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New Manual for Vegetable Growers Now Available

Posted: April 27, 2015

There are more than 4,000 vegetable growers throughout Pennsylvania, planting over 55,000 acres of vegetables. Now these growers have a new tool to reduce pesticides by using predators and other biological controls. “Vegetable Integrated Pest Management with an Emphasis on Biocontrol: A Guide for Growers in the Mid-Atlantic” is available so vegetable growers can learn about managing insect pests using IPM principles.

“Vegetable Integrated Pest Management with an Emphasis on Biocontrol: A Guide for Growers in the Mid-Atlantic” is available so vegetable growers can learn about managing insect pests using IPM principles.

 

Integrated pest management, or IPM, aims to manage pests -- such as insects, diseases, weeds and animals -- by combining physical, biocontrol and chemical tactics that are safe, profitable and environmentally compatible. A biocontrol program uses beneficial organisms such as parasites and insect predators to control pests.

 

Developed by the Pennsylvania IPM Program, this nearly 250-page full-color manual contains pest fact sheets providing pertinent information and photos of damage symptoms and life stages. Also included are photo charts of vegetable pests and beneficial insects, a control timing calendar, and sections on IPM basics, soil health and pest management, biological control, pests of vegetable crop families and beneficial insects.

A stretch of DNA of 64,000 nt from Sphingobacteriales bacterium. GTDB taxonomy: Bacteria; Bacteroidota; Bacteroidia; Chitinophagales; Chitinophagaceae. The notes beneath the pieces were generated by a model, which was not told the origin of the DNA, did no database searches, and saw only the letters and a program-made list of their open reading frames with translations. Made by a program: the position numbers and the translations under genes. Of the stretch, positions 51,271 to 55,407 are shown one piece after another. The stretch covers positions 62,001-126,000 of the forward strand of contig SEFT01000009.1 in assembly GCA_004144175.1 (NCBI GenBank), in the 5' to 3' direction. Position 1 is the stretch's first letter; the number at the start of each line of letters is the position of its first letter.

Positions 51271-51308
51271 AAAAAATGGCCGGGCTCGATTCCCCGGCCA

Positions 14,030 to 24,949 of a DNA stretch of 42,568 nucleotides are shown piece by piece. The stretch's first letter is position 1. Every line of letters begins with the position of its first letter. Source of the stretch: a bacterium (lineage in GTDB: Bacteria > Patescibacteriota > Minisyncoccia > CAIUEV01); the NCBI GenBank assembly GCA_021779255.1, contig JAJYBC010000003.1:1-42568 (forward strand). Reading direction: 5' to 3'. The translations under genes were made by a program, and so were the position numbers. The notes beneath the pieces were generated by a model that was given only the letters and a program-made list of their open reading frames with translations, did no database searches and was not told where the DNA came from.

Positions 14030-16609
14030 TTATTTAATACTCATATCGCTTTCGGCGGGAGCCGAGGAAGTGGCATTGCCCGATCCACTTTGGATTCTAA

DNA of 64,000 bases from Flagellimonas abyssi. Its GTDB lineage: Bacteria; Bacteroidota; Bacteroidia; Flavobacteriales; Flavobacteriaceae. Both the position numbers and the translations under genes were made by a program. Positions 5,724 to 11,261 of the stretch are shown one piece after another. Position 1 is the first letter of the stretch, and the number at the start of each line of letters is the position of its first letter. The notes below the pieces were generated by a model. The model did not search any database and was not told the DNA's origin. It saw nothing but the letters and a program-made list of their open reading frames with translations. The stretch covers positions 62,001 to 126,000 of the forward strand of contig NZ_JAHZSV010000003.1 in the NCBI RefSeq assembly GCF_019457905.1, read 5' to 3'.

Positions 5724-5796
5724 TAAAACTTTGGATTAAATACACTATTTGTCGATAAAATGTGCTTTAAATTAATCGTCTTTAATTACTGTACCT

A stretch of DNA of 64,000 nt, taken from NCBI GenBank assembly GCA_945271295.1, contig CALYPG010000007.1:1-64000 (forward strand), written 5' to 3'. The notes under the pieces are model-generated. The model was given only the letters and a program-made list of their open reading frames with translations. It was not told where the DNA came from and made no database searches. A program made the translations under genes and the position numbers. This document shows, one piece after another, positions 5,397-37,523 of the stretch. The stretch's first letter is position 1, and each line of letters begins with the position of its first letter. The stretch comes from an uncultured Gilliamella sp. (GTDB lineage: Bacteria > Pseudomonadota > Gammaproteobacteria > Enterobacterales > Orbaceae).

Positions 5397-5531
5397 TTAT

“The manual will help any vegetable grower reduce their use of hard pesticides,” said manual contributor Mary Barbercheck, professor of entomology at Penn State. Cathy Thomas, PA IPM coordinator and manual coordinator, agreed. “By reducing hard pesticides, vegetable growers will be able to conserve beneficial insects and natural enemies on their farms.”

The use of biocontrols as part of an IPM approach is catching on because many growers are looking for viable alternatives to using pesticides. Since most pests have various parasites, diseases and predators that can kill them, beneficial organisms can be a significant means of control.

The manual was influenced by PA IPM’s vegetable and greenhouse IPM scouting program. Thomas, who is also a biocontrol specialist at the Pennsylvania Department of Agriculture (PDA), has lead the program for over ten years and has been a part of numerous IPM and biocontrol related projects working collaboratively with Penn State and PDA.

The manual can be ordered by going to Penn State’s College of Agricultural Sciences Publications website. For more information on biocontrol in vegetable growing and greenhouse situations, see PA IPM’s online Greenhouse IPM Problem Solver to read a series of articles written by Thomas on biocontrol for Penn State’s "The Vegetable & Small Fruit Gazette".

The Pennsylvania IPM Program is a collaboration between the Pennsylvania State University and the Pennsylvania Department of Agriculture aimed at promoting integrated pest management in both agricultural and urban settings. For more information, contact the program at (814) 865-2839 or go to paipm.org